In the beginning was the NSFAlmost everything in Notes is stored in NSF databases (NSF = Notes Storage Facility).
A NSF contains properties, an Access Control List, View indexes and a collection of Note elements, hence the name Note(s). The file name is not a property stored inside the NSF, however the title and the ReplicaID are. The ReplicaID has a special meaning: two databases sharing the same ReplicaID can synchronise their content in a process called replication, typically between a client and a server or multiple servers. When a server contains two or more NSF with the same replicaID replication can happen with any of them. A typical mistake: copy a NSF on the file system "as backup" creating not a copy but a replica. There is a menu action that creates a real copy for that (File - Application - New Copy).
Inside the NSF all data is stored in Note elements: both the design of the database, as well as the actual content. A data note (a.k.a Document) can be listed in a view (with the exception of a profile document), while a design note lists only in Domino Designer (unless you hack it). Design and data note elements share the same inner structure.
NSF do not contain any schema or data definitions. It is all Note and Item.
A Note is where you find anythingAn individual note contains a series of properties and a collection of items (not to confuse with a field in an RDBMS or a field in a form). Besides data values for creation and update a note carries a UniversalId, a NoteId and a serial number. The NoteId is unique inside one specific NSF, the UniversalId is the identifier to link two note elements in two NSF (that have the same ReplicaId) together, so they synchronise on replication. The UniversalId is unique inside the NSF. Two different NSF can have documents with the same UniversalId. This is not an exception, but happens e.g. on mail routing. The serial number counts the times that note has been updated and is used in conflict resolution while replicating.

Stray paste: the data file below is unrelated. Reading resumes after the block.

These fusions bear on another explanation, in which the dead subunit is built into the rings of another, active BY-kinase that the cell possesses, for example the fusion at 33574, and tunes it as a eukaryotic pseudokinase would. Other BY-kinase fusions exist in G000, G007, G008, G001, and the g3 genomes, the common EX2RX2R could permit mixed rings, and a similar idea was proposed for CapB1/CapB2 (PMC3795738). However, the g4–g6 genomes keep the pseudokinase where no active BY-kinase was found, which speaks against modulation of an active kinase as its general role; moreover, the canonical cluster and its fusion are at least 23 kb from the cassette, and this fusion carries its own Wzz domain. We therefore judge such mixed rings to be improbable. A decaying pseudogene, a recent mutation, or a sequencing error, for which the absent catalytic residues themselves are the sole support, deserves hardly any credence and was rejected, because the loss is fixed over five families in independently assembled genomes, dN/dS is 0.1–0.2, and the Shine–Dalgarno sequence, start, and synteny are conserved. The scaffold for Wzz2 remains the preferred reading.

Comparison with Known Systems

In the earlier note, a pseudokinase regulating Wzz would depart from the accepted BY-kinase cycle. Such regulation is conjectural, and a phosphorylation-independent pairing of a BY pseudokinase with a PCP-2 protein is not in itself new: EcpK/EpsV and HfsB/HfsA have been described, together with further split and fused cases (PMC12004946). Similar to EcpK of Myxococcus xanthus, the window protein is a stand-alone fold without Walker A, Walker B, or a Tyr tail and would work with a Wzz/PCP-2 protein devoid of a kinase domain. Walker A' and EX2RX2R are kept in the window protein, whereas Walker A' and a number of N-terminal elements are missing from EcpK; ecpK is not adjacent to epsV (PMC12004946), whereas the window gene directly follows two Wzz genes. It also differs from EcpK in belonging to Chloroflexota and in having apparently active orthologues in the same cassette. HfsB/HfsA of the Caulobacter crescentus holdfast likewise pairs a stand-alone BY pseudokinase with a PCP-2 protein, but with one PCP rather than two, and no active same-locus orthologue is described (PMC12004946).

The contained items follow the same pattern: they have a name, a set of properties and a collection of values. Two important properties are name and type. The name of an item doesn't need to be unique. Quite regular, especially when looking at the type RichText you have more than one item with the same name (for RichText the unwritten convention is to use the name Body). Items that start with the $ sign are used for system properties (e.g. $HasNativeMime indicates that the note contains a MIME document rather than RichText). Items also contain a serial number for conflict resolution in replication. The values in an item share the same data type. Items are always multi-value (a Vector in Java) even if the count is just one.
Next up: Forms and Documents